Wisteria is a fantastic flowering plant native to Japan, China, Korea, and the Eastern United States. It's known for its cascading vines and fragrant flowers.
Wisteria grows quickly and vigorously, reaching lengths up to 20 meters when not pruned. They flower in a variety of colors, including white, purple, pale pink, and blue.
Wisteria has been cultivated in gardens in the East since the seventeenth century and in the West since the 1800s. Its long creeping vines can be trained to form interesting shapes and sculptures.
Wisteria flowers hang from long racemes in an eye-catching bell shape. These blossoms are known for their intense fragrance reaching 10 meters away.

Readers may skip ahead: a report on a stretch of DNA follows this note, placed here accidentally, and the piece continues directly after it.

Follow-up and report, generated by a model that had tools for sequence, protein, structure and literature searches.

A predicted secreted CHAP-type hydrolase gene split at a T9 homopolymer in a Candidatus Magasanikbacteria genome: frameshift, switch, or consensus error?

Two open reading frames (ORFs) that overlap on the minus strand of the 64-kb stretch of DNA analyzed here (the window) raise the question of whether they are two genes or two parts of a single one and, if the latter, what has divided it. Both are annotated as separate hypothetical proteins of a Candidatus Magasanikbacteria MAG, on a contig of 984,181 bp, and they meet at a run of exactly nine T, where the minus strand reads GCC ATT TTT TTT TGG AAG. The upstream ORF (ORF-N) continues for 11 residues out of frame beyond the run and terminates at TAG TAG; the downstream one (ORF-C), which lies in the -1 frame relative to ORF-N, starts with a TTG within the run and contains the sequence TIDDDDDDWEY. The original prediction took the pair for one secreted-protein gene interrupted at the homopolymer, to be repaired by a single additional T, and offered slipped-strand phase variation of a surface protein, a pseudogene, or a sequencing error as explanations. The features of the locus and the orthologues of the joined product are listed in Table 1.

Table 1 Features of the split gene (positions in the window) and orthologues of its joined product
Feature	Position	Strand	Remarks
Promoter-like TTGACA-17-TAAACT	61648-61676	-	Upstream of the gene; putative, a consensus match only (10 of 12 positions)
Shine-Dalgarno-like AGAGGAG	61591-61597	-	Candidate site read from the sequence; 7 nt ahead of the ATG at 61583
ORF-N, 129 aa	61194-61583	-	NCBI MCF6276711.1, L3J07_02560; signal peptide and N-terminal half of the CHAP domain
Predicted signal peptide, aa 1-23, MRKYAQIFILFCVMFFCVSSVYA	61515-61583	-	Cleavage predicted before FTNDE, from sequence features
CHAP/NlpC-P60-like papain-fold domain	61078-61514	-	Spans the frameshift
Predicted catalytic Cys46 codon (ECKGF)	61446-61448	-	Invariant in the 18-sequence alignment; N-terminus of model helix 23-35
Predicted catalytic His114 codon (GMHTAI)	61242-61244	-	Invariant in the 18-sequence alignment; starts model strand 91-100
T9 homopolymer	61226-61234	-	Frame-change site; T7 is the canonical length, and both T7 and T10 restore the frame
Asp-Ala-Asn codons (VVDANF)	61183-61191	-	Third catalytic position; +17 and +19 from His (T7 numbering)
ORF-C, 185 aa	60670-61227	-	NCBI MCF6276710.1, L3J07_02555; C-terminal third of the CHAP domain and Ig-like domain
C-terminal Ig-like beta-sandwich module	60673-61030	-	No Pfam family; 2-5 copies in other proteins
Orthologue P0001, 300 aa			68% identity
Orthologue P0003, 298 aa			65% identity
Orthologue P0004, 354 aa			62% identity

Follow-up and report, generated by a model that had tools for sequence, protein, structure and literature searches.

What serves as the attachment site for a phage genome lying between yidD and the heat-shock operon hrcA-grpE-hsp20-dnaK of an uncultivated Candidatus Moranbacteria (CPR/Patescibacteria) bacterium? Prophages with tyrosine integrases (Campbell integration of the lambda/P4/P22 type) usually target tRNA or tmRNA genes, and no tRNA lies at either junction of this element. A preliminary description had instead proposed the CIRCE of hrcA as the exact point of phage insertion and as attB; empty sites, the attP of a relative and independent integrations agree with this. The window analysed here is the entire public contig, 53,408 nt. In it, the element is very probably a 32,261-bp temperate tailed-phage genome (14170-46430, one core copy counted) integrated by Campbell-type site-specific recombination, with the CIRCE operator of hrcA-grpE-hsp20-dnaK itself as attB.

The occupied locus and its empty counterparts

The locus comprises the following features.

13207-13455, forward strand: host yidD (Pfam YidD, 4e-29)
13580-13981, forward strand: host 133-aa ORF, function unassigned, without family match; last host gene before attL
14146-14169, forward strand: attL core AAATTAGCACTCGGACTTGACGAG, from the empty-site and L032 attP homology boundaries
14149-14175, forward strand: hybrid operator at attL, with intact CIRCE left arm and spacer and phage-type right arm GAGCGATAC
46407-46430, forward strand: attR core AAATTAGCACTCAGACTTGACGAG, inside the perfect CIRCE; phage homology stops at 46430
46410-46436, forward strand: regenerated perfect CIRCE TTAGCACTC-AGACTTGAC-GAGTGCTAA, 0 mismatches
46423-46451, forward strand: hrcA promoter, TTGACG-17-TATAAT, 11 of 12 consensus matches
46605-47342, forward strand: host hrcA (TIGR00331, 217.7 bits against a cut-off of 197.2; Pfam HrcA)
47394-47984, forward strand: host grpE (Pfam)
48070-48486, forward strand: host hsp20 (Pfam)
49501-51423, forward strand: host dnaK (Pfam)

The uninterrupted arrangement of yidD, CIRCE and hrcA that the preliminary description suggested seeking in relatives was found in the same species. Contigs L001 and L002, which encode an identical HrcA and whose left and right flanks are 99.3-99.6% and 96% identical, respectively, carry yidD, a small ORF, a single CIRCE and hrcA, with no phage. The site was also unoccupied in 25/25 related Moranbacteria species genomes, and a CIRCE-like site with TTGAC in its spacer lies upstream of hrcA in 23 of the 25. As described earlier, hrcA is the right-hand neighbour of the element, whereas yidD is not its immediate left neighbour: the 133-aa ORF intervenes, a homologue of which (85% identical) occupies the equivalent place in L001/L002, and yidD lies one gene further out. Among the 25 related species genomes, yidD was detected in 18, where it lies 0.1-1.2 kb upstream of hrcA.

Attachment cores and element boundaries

Wisteria's climbing vines only have tiny twining tendrils that help them grip onto trees and other structures. It's important to provide a support structure for it to climb.
The wisteria blossoms emerge in late spring and early summer and last a few weeks. Its trunk and branches can live as long as 100 years.
Wisteria is slow to establish but is highly drought tolerant once it is fully grown. The plant prefers light, sandy, well-drained soil and plenty of sun.
Wisteria is well known for its attractive panicles of flowers and beautiful foliage. It does well in temperate climates and therefore doesn't tolerate the cold well.
Growing wisteria is best done from young cuttings with roots. Before growing, the cuttings should be soaked in water overnight.
Wisteria can be used as a spectacular specimen plant when grown on a single trunk in the far back corner of a garden. This way, its beauty will stand out.
Wisteria branches need to be pruned regularly. This will help to keep the vine in its desired shape and prevent the plant from taking over its surroundings.